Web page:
Now that the Bus Garage building is complete we have been able to turn our attention to a number of smaller jobs, which always seems more interesting than plodding on with the same old job for month after month. On the other hand the bad weather has continued, but it was different bad weather. The rain which hardly stopped for ten months gave way to exceptionally harsh cold conditions made worse by strong winds from the North-East. Maybe I am getting older and more susceptible to the cold, but I do not ever remember getting so cold that I have to leave and go home to warm up!
Despite the poor conditions we seem to have covered quite a bit of ground. The benches on the platform are a recent new project spearheaded by Peter Smith and Syd Andrews. Several benches had rotten planks so three had been stripped down and the cast iron frames (with the magic letters) cleaned and painted. I weld repaired one which had been knocked over and smashed. Arc welding cast iron can be done using Nickel welding rods, and I managed to do this successfully although this was my first attempt at this technique.
In the past new planks had been fitted to benches without any attempt to radius the edges or corners producing an extremely unprofessional result, so we purchased a ¾" radius router cutter and having cut the ends of the new planks to the correct radius Bob and I whizzed round with the router producing a far better finish than previously.
The planks were then returned to Syd and Peter to treat, prime and paint. My final contribution is to convert dome head coach bolts to countersunk by forging them hot on a dolly (which we made to do the same job on the Thornycroft) and finish off on my little lathe.
The results are benches that are correct, look far more professional and are comfortable to sit upon. We intend to put radii on the boards on all the benches at the station over time.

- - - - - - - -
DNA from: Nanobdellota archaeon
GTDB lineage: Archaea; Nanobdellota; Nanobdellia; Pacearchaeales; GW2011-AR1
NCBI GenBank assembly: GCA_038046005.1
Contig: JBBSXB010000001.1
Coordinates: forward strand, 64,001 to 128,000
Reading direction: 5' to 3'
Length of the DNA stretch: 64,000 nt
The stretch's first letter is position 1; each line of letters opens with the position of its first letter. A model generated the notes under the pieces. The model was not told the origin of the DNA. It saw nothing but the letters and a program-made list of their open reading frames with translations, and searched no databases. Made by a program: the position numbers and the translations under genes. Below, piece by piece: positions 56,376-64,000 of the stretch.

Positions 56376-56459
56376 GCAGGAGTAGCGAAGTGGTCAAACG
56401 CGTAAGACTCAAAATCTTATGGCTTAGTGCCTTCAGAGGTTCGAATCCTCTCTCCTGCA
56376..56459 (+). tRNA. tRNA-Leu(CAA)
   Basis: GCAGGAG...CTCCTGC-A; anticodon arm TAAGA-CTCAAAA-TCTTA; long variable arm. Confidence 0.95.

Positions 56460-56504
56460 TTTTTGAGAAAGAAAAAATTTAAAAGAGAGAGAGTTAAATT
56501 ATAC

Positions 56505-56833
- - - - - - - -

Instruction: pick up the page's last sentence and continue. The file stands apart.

I am very pleased to report that there is now a Heritage Committee set up on the railway, whose purpose is to ensure that any new developments are carefully considered before being actioned. This seems to have been a direct result of the controversy caused by the design of the proposed station 'improvements' at Bridgnorth. (I must say I could not believe my eyes when I saw the share prospectus! The original design was very, very modern, somewhat reminiscent of a public library, I thought!)
I know for a fact that several people have not bought shares as a result of this unfortunate 'first draft' but hopefully with the Heritage Committee looking at this project and any others following we will not compromise the fragile atmosphere of our wonderful railway. So all's well that ends well.
You will already know my attitude about 'getting it right'. I have banged on about it many times. I just cannot see the point of a compromise when it isn't absolutely necessary. After all the hard work done in the past by the S.V.R volunteers to make our railway arguably the best preserved line, there is no point in making do with second best. We should be aiming at even higher standards. It's the way we move forward, anything else is unacceptable.
I had a bit of a nasty shock during April. While working in the compound, Bob shouted, "Mick, the signal box is on fire!" And sure enough it was! Smoke was billowing from the roof and the Fire Brigade had just arrived on the scene to attend to the fire.
They covered all the electrical instruments with a plastic sheet and the S.V.R signalman alerted Railtrack that we were about to shut down. (Our box is interlocked with Railtrack because of the mainline connection). Then out came the hoses! The fire damage has now been repaired and Friends members have helped clean up smoke-blackened paintwork inside. This was very nearly a total disaster, but was thankfully caught just in time.
Mick Yarker. June 2013